Walter Beck talks to Genesis P-Orridge about the creation of industrial music, William S. Burroughs, and the photographic biography Genesis P-Orridge.
© Sheila Rock (Click Images to enlarge)
Genesis P-Orridge is an industrial pioneer, a member of the notorious COUM Transmissions and Throbbing Gristle, a sonic visionary with Psychic TV, and a true artist whose work continues to challenge people in all its forms. Genesis has worked in music, visuals, performance, ritual, poetry, as well as just about every art other form imaginable. I recently had the privilege of being assigned to interview Genesis and maybe get a brief glimpse into h/er mind.
For someone who has built their career on outrageous noise and outrageous performances, Genesis is a gentle spoken, good humored person. As I called and started the interview, I let a little bit of fandom leak and admitted that I was a bit nervous because I was a big fan of h/er work. S/he assured me that it was alright and seemed rather flattered that I would be such a fan.
S/he began by telling me the story of when s/he met Frank Zappa when accompanying an interviewer for Sounds magazine. According to the story, h/er image of Zappa was shredded during the interview as he repeatedly emphasised musical perfection. When Genesis told Zappa about h/er project of the time, Throbbing Gristle, Zappa said it was ridiculous, saying “people should be experts.”
Genesis told me, “Zappa was a dick,” although s/he still said s/he had a fondness for his Uncle Meat album.
We began talking about the work of William S. Burroughs and I asked Genesis if s/he was just an admirer or was actually close to Burroughs.
“We met him in London in 1971. There was a Canadian magazine that had an advert, ‘Burroughs seeks camo for 1984’. We thought, ‘Surely this can’t be his real address, fuck it, let’s find out’. So we wrote him a letter saying we were sick of people like him, Allen Ginsberg, and Kerouac name-dropping us to appear hip and to cease and desist. We got a postcard from William saying, ‘Here’s my number, call me when you’re in London’.”
When they did meet, according to Genesis, they went through a bottle and a half of Jack Daniels. Burroughs showed Genesis his notebooks and cut-ups, then proceeded to tell Genesis h/er mission in life:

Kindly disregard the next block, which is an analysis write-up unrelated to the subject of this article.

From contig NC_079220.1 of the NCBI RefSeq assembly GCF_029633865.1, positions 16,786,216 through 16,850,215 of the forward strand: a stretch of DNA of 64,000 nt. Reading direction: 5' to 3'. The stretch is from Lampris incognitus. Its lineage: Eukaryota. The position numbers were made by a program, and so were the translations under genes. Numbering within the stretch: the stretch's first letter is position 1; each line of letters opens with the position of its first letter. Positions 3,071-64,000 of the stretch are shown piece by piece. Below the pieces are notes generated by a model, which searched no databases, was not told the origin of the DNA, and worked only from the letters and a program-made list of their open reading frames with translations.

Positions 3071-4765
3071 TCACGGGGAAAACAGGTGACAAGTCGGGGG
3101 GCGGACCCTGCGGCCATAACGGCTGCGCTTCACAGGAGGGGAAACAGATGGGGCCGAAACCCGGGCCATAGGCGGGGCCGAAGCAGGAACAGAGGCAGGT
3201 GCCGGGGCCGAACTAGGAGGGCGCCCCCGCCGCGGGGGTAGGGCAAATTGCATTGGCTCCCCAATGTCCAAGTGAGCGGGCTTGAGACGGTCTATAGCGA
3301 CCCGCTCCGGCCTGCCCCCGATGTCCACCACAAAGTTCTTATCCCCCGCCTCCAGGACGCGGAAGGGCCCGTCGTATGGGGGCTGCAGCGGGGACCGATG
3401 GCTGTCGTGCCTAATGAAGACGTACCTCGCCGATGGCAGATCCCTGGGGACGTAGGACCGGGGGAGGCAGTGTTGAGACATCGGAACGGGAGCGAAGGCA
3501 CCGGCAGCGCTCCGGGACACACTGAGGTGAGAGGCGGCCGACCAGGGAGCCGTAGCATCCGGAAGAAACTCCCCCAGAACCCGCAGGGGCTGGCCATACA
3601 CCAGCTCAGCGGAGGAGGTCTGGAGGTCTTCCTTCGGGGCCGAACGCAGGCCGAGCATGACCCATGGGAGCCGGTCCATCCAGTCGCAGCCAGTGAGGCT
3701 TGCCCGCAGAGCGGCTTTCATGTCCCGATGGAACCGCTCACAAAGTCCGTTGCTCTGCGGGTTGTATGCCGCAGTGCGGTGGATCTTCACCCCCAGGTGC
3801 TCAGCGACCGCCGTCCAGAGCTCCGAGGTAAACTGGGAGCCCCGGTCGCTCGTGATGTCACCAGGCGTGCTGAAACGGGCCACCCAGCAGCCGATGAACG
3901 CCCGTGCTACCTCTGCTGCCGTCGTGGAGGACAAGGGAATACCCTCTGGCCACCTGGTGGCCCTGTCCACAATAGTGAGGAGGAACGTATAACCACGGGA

“Your job, Gen, is how to short-circuit control.”
I asked about the origins of industrial music and Gen said it occurred on September 3rd, 1975, they were in a pub with transgressive American artist Monte Cazazza and the conversation went like this:
“You keep saying industrial, Gen.”
“Just call it industrial.”
According to Genesis, Monte coined the phrase “Industrial music for industrial people.”
Looking at how the genre has expanded, Genesis had the tone of a kid in wonder. “Every corner of the globe, there are bands who call themselves industrial. We saw the inevitable before anyone else did.”
I mentioned that my favorite Throbbing Gristle album was 20 Jazz Funk Greats and Gen sort of chuckled and told me about the cover.
“My mum kept telling me I never smiled in our pictures, that it needed some place with flowers. So we went to Beachy Head, which is famous for people committing suicide, and took the picture of us smiling in this beautiful field with flowers. I never told my mum why we took the picture there.”
The conversation took a somber tone as Gen told me about the recent death of the son of Psychic TV bassist Alice Genese. “He went to sleep and died, nobody knows why. It was horrible, she loved him dearly and now she’ll have to live with it for twenty or thirty years. But I saw lines of people three blocks long who came to pay their respects; I’ve never seen anything like it. It’s a strange thing, this moment we call existence, very strange. It’s like purgatory; we’re here to learn while we’re here.”
Wanting to move the conversation towards a brighter area, I asked Genesis about h/er evolution of sound. While industrial music became cemented with Throbbing Gristle, the heavy undertones and experimental edge to Genesis’ music have been there since the recordings of COUM Transmissions and h/er first recording efforts Thee Early Worm.